Need ideas for science, engineering, & technology experiments please

Discussion in 'General Education' started by bonnjer, Apr 15, 2013.

  1. bonnjer

    bonnjer Rookie

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    Apr 15, 2013

    I already have a few ideas for some 4th to 6th grade level (could be a little higher) science, engineering, and technology experiments - things like a pizza box solar cooker, egg drop contest, and balloon car racer.

    What are some other fun activities that you might use in class during the year or toward the end of the year that the kids enjoy?

    Thanks in advance!
     
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  3. blazer

    blazer Connoisseur

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    Apr 15, 2013

    Building bridges or towers out of spaghetti. Do it as a competition where they have to 'buy' the spaghetti and tape so that you can judge the best structure at the lowest price. Bridges can be tested to destruction at the end by loading with weights. Same can be done with drinking straws or even sheets of newspaper that they need to make into girders (rolling is best).

    Paper helicopters can be dropped and timed during their fall. Then you can investigate the effect of shorter wings or heavier weights or different types of paper on the speed of fall. Lots of opportunities for fair testing plus data can be collected very fast so you can also include some maths skills such as averaging results and graphs.

    Crumple zones for cars. It requires a trolley (physics depts usually have dynamics trollies) eggs and news paper. Kids design a crumple zone for the front of the trolley then add an egg as passenger and roll it down a ramp and into a wall. Whose egg survives the crash?

    Water rockets? (outside activity). Design fins, nosecones etc then find out optimum amount of fuel (water) for longest flight.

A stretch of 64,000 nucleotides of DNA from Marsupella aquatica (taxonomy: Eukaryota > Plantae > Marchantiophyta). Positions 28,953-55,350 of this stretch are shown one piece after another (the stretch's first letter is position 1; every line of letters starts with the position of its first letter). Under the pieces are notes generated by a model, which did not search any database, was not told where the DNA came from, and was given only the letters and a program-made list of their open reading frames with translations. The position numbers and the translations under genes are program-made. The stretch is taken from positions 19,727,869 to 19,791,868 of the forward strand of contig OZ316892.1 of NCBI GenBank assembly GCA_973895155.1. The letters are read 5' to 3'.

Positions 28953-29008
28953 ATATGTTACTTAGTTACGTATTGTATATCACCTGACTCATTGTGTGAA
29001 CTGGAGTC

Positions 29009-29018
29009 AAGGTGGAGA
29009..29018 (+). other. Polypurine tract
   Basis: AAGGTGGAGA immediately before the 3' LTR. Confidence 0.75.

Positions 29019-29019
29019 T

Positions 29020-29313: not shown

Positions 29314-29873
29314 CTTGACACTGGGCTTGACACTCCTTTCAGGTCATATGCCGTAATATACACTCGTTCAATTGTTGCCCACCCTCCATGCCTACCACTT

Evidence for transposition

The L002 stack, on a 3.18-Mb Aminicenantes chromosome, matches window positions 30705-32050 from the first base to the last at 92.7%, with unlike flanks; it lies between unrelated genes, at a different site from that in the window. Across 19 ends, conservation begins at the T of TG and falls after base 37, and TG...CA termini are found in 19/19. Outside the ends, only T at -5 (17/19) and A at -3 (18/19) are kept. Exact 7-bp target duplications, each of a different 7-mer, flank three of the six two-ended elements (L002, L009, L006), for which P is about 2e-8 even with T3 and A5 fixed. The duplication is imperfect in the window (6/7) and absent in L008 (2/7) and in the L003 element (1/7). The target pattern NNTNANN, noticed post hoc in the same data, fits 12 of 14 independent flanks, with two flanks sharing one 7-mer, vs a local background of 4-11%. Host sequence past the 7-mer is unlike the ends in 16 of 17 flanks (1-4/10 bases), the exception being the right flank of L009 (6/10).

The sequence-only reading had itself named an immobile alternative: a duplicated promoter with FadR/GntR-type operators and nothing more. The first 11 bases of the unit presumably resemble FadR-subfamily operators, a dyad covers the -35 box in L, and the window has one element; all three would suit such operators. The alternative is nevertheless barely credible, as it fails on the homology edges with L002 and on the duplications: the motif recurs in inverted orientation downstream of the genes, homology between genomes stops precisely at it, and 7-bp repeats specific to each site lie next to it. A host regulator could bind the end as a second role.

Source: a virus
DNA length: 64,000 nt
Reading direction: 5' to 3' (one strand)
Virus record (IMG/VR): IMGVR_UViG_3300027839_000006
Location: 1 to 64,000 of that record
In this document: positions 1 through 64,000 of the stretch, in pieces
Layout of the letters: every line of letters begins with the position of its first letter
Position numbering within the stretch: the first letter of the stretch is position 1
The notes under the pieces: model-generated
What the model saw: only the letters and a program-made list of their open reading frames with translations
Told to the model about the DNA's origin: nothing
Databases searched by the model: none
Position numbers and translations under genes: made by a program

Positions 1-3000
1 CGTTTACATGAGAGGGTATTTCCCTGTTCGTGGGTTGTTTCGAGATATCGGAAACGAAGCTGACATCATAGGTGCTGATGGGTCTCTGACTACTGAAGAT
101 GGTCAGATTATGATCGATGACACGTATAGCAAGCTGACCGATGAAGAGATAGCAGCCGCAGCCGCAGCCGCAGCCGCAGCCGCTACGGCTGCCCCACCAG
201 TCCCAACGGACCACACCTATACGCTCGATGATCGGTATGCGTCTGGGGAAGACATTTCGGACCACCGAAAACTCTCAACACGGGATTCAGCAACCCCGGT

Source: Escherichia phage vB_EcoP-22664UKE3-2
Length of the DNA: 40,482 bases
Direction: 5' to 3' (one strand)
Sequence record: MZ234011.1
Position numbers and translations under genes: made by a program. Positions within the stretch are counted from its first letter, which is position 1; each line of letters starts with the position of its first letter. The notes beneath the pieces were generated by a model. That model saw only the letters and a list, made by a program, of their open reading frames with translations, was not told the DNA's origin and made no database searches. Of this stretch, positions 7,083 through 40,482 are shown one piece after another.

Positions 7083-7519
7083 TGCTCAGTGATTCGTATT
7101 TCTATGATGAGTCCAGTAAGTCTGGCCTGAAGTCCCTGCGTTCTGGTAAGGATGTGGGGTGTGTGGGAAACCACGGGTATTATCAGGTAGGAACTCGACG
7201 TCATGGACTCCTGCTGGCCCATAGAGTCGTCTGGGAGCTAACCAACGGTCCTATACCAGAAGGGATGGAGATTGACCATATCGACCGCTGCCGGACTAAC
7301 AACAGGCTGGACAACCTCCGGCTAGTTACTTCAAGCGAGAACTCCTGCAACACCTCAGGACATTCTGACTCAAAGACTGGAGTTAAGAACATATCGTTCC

Hydrogen rockets!! (outside activity)
     
  4. Ranchwife

    Ranchwife Companion

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    Apr 15, 2013

    Mouse trap catapults. Just finished that project with my STEM class. It was fun!
     
  5. readingrules12

    readingrules12 Aficionado

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    Apr 15, 2013

    Blazer, I really like your ideas. Do you have any more like this?
     
  6. blazer

    blazer Connoisseur

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    Apr 16, 2013

    You can investigate the bounce efficiency of different balls.

    Drop a ball from a fixed height and see how far up it bounces.
    Bounce efficiency is (bounce height divided by drop height) x 100

    You can either look at how the height of the drop affects the efficiency for a particular type of ball (ping pong balls work well). you will find that the highest efficiency is the lowest drop height and efficiency falls as drop height rises. (You may want to introduce things like air resistance and terminal velocity).

    Or you can compare different typoes of balls such as ping pong, tennis, golf, base ball, squash ball etc.

    Again data can be collected very quickly and so lots of maths processing could be done.



    Pendulums.
    Look at the effect of the length of string or the mass on the period of swing or the amount of lift of the pendulum. Lots of opportunity for the kids to investigate the best way of timing the swings (we find that timing 10 swings and dividing by 10 if best but they can find this out for themselves).

    You should find the mass has no effect but the length of string does (longer string, slower swing).
    You can also discuss why the swings get smaller as time goes by (Some chance to look at air resistance and energy transfer).

    If you can make a very long pendulum (in a stairwell perhaps) then you can observe the revolution of the Earth (look up foucaults pendulum)
     
  7. microbe

    microbe Comrade

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    Apr 16, 2013

    I really like the infectious disease activity. You can do this with either glow in the dark glitter or cups of water. Basically, you have one student that is the initial carrier of the disease, and students move around the room shaking hands or exchanging a drop of water. At the end of the activity, you get to see how many people were infected.

    Another fun activity is using eggs to show how a cell behaves in a hyper or hypotonic solution.

    Send me a message if you'd like me to give you my materials for either of these activities. :)
     
  8. blazer

    blazer Connoisseur

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    Apr 16, 2013

    Design a coat to keep you warm. Use test tubes or yoghurt cartons with hot water and wrap them in different materials to see which retains the heat longest (or reverse it by seeing how long an ice cube stays frozen).
     

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